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How to make searches faster

Search time is proportional to the number of records to search, the size of each record, and the number of queries done against each record. Searches can be made faster by:

  1. Minimizing the total number of records
  2. Minimizing record size
  3. Minimizing the number of queries against each record
  4. Increasing Size of Result Set
  5. Minimize Writes to Index

1. Minimizing the total number of records

This primarily involves the removal of duplicate and irrelevant entries. A good way to do this is to use the "Review" command, and then the "Delete" command on unneeded records. Duplicates will often appear due to default docs and redundant hostnames - like "http://xav.com/" and "http://xav.com/index.html" and "http://www.xav.com/" could all be indexed separately, even though they're the same file. FDSE will internally prevent literal duplicates, but only on a per-realm basis.

If there are common patterns among the duplicates appearing, you can write a Filter Rule to avoid them. For example, a filter rule called "Strip Default Names" could be set to Deny any URL which ends in "index.html|index.shtml|index.cgi|default.htm". As long as there are links to both "xav.com/" and "xav.com/index.html", then this filter rule will not exclude anything that's not already present in the index.

2. Minimizing record size

A large list of "Ignore Words" is a good way to minimize record size. The list has grown in recent releases. You can check under "General Settings" to make sure you're using the recommended default.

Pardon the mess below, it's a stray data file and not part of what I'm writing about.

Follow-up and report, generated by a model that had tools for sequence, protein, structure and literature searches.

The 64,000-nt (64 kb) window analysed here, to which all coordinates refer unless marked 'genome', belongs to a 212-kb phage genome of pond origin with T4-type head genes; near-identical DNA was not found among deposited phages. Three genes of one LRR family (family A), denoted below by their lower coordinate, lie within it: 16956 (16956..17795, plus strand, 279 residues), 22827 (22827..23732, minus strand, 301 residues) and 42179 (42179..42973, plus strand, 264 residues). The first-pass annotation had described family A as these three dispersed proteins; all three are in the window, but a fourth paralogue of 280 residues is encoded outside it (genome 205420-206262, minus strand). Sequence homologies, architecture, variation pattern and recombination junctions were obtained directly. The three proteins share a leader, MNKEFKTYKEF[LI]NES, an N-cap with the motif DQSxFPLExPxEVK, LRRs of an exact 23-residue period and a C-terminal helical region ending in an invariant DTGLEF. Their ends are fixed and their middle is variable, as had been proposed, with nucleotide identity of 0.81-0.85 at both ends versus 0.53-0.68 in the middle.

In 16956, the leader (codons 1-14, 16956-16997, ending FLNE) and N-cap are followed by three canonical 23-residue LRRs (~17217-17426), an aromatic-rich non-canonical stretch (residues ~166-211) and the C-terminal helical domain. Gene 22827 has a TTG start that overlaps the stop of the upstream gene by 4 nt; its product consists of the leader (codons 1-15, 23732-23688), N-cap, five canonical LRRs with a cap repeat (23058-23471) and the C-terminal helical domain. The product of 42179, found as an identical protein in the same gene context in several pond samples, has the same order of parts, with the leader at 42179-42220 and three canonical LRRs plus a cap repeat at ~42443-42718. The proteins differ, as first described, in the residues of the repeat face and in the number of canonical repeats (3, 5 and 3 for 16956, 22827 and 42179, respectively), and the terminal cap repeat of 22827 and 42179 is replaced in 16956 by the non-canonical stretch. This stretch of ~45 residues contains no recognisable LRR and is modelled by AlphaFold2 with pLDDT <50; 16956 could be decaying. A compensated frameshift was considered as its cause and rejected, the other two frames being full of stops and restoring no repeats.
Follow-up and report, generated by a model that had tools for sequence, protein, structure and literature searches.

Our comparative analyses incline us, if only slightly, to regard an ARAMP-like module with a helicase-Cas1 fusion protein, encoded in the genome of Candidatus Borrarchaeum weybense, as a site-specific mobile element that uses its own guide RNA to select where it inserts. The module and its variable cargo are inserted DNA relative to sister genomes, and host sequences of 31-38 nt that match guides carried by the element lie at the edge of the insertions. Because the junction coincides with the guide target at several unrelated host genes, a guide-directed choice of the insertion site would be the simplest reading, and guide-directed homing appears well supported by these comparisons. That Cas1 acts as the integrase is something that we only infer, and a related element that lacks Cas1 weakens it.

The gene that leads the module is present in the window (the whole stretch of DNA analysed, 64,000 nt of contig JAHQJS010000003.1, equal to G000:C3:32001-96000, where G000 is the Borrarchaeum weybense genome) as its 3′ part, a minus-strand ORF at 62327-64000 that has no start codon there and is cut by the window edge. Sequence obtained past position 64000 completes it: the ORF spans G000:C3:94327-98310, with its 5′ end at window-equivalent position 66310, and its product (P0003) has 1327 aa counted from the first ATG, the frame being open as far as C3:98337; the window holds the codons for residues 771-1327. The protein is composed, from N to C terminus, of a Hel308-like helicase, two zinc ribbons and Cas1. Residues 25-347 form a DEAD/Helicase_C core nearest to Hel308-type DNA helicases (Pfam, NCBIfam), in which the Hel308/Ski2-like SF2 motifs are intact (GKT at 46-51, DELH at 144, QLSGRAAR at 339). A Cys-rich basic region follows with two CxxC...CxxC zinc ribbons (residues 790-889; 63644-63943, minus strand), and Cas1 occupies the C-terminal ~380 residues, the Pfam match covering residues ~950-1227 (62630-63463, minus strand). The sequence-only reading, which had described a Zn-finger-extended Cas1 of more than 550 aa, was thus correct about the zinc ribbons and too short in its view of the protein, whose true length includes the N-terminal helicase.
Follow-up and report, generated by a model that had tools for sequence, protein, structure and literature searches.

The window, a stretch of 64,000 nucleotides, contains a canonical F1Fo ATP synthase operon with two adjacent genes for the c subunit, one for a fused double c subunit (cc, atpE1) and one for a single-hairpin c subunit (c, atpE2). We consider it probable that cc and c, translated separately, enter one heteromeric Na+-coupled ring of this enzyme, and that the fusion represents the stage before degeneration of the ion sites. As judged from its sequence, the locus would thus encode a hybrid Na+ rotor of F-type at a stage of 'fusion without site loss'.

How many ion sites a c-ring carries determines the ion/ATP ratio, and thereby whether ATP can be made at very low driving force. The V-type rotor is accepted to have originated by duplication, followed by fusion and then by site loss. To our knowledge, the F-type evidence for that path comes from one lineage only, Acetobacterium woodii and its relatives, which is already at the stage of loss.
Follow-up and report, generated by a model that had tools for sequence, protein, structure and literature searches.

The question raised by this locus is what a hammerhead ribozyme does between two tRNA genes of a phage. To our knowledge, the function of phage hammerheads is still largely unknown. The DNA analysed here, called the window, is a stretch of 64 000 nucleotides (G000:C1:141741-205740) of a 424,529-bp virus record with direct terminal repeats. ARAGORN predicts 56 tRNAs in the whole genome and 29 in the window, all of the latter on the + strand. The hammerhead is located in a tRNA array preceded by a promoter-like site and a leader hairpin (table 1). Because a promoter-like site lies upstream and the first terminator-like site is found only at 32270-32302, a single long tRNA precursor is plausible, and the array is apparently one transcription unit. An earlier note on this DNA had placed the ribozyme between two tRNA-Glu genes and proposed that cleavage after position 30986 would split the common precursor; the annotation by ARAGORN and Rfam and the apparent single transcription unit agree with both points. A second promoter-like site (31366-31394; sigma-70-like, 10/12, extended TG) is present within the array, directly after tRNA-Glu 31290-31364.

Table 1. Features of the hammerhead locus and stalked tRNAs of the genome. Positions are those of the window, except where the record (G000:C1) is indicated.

In addition, you should look at "Admin Page" => "General Settings" => "Max Characters: *" settings. You can reduce "Max Characters: Text" from 64000 to 4000, and thus only save the first 4000 bytes of text on a page for searching. If your average page size is 8kb of text, then this will effectively double the speed of searches. In many cases, the most relevant keywords are used in the beginning of the document, and so search accuracy won't suffer too much from this adjustment.

After making changes, you will have to rebuild the index.

3. Minimizing the number of queries against each record

FDSE generally performs one query per record per search term. In some cases it will perform fewer, in some cases more.

The search algorithm is optimized to stop executing queries if any forbidden term is present, or if any required term is not present. For each record, the algorithm first checks any/all forbidden terms, then any/all required terms, and finally any/all optional terms. Since most users don't use the "+term1 +term2 -term3 |term4" syntax, each term in a multi-term search is typically considered "required" or "optional" based on the Default Match setting of "Any Term" or "All Terms". Changing the default from "Any Term" to "All Terms" will cause searches to be more restrictive and return faster. This may or may not improve the usefulness of the result set.